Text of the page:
(Image via DBCovers)

Nine to Five (1980)
IMDb synopsis: “Three female employees of a sexist, egotistical, lying, hypocritical bigot find a way to turn the tables on him.”
dir. Colin Higgins
starring Jane Fonda, Lily Tomlin and Dolly Parton

Straight Talk will always be my favorite Dolly movie, but this one is a lot of fun. It successfully sets up the character of Frank as worthy of revengeful action before jumping into the thick of the plot, and it takes a few unexpected turns. The score: 3.8/5

(Image via Large Popcorn, No Butter)

Descendant (2003)
IMDb synopsis: “A young novelist, tormented by his family’s history and haunted by [his ancestor, Edgar Allan Poe], falls in love with a woman, a distant relative of his ancestor, whose friends and family begin to disappear mysteriously.”
dir. Kermit Christman and Del Tenney
starring Jeremy London and Katherine Heigl

Bad audio, costumes that look like they came from Party City’s discount section, laughably atrocious performances and a whole lot of disjointedness make up this mess of a film. It’s an absolute disgrace to Poe’s name, but a hilariously bad thriller that is somewhat enjoyable to watch because it’s so bad. The serious score: 0/5; Corny Cliff Scale score: 3/5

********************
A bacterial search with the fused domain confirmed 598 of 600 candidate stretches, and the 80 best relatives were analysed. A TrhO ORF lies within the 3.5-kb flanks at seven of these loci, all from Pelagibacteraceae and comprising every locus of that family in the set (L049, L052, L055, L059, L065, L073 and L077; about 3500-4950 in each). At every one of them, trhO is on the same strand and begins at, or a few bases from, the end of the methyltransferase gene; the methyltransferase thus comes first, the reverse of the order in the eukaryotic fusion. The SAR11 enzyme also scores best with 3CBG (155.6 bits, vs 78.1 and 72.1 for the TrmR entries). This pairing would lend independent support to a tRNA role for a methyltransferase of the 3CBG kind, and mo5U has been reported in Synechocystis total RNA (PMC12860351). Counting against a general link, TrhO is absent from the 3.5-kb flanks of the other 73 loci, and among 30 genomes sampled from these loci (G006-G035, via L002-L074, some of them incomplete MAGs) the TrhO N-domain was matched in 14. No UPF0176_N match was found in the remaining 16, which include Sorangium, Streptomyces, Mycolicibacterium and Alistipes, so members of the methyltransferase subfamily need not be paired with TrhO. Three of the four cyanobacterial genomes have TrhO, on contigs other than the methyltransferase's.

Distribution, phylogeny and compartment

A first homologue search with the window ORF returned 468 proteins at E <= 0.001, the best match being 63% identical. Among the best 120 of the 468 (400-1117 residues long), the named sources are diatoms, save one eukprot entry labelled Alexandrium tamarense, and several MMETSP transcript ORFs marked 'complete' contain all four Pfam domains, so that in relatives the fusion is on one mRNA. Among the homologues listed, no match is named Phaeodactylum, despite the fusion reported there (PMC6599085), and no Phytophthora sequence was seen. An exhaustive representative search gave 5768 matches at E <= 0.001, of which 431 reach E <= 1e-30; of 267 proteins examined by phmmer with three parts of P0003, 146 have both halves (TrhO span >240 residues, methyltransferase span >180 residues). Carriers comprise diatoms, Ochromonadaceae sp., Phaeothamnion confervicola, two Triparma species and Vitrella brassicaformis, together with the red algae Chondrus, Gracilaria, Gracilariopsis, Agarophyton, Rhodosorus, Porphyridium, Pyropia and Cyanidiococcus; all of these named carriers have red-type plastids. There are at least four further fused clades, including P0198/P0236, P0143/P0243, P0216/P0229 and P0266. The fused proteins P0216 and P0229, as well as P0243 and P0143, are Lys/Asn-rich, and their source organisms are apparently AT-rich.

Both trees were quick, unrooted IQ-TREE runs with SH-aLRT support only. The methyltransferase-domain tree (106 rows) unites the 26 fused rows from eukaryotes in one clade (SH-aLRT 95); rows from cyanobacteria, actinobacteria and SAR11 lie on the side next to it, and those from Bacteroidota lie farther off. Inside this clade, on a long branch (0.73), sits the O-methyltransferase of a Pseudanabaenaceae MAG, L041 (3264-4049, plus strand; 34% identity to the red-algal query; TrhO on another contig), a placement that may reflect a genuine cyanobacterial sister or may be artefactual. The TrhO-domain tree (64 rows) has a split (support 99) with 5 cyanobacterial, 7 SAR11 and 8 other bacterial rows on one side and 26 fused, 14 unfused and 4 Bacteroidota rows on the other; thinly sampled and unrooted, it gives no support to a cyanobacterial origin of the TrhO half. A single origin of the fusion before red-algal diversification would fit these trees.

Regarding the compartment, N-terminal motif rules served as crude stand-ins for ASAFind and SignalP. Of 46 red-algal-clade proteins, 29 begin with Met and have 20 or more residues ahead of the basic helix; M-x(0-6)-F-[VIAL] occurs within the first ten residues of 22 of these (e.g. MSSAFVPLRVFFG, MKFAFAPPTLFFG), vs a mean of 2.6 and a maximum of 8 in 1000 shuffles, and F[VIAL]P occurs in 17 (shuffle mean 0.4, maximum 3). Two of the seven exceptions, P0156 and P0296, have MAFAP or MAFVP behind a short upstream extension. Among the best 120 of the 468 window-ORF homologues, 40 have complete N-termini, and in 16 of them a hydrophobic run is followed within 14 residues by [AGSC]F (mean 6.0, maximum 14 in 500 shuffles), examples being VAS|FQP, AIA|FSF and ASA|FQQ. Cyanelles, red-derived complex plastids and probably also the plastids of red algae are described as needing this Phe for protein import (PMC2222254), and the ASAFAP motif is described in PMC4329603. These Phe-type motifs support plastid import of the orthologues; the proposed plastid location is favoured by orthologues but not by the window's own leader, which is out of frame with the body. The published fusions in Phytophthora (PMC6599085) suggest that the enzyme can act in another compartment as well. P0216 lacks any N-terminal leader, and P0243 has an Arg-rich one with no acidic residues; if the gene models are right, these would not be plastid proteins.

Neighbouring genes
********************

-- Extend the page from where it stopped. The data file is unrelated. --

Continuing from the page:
(Screen capture by TMP)

The Man Who Wasn’t There (2001)
IMDb synopsis: “A laconic, chain-smoking barber blackmails his wife’s boss and lover for money to invest in dry cleaning, but his plan goes terribly wrong.”
dir. Joel Coen; written by Joel and Ethan Coen
starring Billy Bob Thornton, Frances McDormand, James Gandolfini and a bunch of other awesome people

I absolutely love the Coen brothers and film noir is one of my favorite genres of film, so I had very high expectations for this. It didn’t quite live up to those expectations, but it does successfully spin a complicated tale of corruption, adultery, lies and death that never lost my interest at any point. Bonus points for beautiful black and white cinematography and a fantastic cast. The score: 4/5